The Self in Social Psychology

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Psychology Press, 1999 - Psychology - 492 pages
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The study of self has been one of the most exciting and important areas of social psychology over the past several decades. This reader presents an elite collection of the most important and influential articles on the topic. The selection was based on a lengthy poll of the entire membership of the International Society for Self and Identity, in which hundreds of articles were rated for possible inclusion and the highest rated ones were chosen for inclusion, along with some of the field's most recent work to balance the coverage.
The volume begins with an original introduction by Roy Baumeister which provides an overview of the study of the self. The readings themselves are then organized into ten thematic sections covering core topics such as self-knowledge, self-esteem, self-regulation, self-presentation, and the self and culture. Each section has an introduction that describes other relevant work, in order to place the selection in its full intellectual context. Sections also include annotated suggestions for further reading to guide further study, and discussion questions.
 

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Contents

P A R T
3
P A R T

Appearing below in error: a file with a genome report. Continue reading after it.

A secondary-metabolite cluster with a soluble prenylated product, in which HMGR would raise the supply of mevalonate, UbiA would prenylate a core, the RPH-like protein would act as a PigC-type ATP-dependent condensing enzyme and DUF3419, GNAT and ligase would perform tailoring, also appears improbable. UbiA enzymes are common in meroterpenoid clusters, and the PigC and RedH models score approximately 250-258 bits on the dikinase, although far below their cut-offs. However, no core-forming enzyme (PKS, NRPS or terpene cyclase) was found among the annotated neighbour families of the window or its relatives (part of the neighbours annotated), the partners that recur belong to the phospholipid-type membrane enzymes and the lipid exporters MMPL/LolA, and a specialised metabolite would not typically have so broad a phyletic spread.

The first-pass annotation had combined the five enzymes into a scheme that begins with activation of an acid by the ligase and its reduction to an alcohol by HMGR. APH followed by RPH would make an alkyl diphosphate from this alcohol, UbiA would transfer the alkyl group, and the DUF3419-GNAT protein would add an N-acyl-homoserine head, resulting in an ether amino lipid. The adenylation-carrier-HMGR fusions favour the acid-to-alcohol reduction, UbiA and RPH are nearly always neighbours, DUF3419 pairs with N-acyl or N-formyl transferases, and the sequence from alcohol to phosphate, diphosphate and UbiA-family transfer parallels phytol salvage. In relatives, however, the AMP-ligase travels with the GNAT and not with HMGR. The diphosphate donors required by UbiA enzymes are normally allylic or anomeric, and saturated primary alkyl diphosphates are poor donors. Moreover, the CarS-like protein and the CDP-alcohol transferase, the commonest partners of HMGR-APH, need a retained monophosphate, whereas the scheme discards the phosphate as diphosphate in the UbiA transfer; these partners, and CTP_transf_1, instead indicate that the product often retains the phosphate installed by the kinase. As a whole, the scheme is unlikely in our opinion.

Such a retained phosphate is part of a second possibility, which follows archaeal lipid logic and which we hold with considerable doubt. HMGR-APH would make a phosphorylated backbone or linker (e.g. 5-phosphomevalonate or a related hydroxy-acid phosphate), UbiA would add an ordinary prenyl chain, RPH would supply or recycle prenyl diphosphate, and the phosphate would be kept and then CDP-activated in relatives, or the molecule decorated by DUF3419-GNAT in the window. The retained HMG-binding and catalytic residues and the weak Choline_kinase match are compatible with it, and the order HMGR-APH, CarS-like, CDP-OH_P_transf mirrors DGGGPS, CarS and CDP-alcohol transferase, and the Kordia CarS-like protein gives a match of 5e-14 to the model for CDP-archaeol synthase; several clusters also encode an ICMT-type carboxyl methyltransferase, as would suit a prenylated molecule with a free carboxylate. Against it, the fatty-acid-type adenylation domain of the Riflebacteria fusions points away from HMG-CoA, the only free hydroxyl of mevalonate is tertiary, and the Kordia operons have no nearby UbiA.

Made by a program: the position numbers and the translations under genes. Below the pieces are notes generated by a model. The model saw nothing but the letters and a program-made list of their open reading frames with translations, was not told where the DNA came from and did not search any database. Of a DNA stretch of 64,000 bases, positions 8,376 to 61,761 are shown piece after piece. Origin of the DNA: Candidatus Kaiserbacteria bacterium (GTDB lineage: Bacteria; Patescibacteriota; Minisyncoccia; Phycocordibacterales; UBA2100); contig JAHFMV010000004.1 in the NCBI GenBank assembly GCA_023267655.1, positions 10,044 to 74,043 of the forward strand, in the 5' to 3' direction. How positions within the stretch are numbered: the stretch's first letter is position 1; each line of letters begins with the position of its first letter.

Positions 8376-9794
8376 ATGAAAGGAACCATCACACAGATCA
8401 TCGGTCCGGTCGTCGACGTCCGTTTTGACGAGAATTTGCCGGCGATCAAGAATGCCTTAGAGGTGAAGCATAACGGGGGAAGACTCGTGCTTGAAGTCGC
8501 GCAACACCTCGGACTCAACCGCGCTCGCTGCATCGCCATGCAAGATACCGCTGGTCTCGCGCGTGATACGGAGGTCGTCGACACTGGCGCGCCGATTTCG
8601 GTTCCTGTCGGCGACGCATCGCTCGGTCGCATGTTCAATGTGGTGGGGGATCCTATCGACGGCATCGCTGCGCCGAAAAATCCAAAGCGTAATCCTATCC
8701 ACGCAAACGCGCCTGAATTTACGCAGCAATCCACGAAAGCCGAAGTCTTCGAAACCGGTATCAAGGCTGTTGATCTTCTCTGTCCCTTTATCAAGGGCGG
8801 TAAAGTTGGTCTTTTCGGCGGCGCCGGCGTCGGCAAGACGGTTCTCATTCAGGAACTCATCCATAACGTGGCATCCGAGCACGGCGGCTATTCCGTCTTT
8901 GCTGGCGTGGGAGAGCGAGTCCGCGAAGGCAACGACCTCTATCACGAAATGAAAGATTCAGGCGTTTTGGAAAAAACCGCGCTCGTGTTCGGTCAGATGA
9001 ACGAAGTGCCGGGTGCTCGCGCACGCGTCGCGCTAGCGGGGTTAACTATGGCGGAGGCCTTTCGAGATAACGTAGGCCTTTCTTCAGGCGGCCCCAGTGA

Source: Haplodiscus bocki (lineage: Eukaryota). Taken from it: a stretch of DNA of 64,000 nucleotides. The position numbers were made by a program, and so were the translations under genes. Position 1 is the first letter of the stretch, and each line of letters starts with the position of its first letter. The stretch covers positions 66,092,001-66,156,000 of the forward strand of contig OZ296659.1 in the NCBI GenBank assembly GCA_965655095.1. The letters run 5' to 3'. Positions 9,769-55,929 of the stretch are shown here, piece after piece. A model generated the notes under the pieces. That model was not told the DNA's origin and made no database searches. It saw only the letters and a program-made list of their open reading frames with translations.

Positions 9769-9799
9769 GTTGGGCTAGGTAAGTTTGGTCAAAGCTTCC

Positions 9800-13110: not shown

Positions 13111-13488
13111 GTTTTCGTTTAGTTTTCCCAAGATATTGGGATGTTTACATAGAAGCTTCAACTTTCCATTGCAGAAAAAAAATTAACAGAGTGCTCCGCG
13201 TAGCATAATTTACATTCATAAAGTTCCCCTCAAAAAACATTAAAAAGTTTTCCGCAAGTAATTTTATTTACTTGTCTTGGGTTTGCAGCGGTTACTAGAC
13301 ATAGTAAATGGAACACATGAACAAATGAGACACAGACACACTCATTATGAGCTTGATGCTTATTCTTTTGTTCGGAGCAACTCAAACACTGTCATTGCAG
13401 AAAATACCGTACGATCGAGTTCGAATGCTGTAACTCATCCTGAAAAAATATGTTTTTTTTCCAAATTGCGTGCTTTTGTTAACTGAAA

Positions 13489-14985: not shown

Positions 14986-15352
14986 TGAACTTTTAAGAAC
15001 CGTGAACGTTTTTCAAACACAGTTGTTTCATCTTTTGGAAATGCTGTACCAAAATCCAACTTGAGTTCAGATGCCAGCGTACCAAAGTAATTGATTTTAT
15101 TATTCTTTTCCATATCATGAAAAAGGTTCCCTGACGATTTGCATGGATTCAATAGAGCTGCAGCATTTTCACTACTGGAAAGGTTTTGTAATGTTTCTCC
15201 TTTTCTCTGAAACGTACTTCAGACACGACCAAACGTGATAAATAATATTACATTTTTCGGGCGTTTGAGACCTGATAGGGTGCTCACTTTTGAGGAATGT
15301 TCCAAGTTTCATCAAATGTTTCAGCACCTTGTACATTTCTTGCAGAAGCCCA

6
P A R T
9
SelfKnowledge
21
READING 2
40
P A R T 2
67
Motivational Roots
85
READING5
103
P A R T 7
281
READING 15
299
READING 4
315
P A R T 8
337
Motivation and SelfKnowledge
369
READING 19
382
The CognitiveAffective Crossfire When SelfConsistency Confronts
391
READING20
402

P A R T 4
119
READING 8
134
READING 9
150
P A R T 5
177
READING 11
195
SelfEsteem
219
READING 13
240
P A R T 10
427
READING22
436
READING23
446
Appendix How to Read a Journal Article in Social Psychology
461
Author Index
471
Subject Index
487
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About the author (1999)

Roy F. Baumeister is the Eppes Eminent Professor of Psychology and head of the social psychology graduate program at Florida State University. He received his Ph.D. in social psychology from Princeton in 1978 and did a postdoctoral fellowship in sociology at the University of California at Berkeley. Baumeister has worked at Case Western Reserve University, as well as the University of Texas, University of Virginia, Max-Planck-Institute, and the Center for Advanced Study in the Behavioral Sciences. Baumeister's has received research grants from the National Institutes of Health and from the Templeton Foundation. His research spans the areas of self and identity, self-regulation, interpersonal rejection and the need to belong, sexuality and gender, aggression, self-esteem, meaning, and self-presentation. He is the author of nearly 400 publications. His books include Evil: Inside Human Violence and Cruelty , The Cultural Animal , Meanings of Life and Willpower: Rediscovering the Greatest Human Strength.

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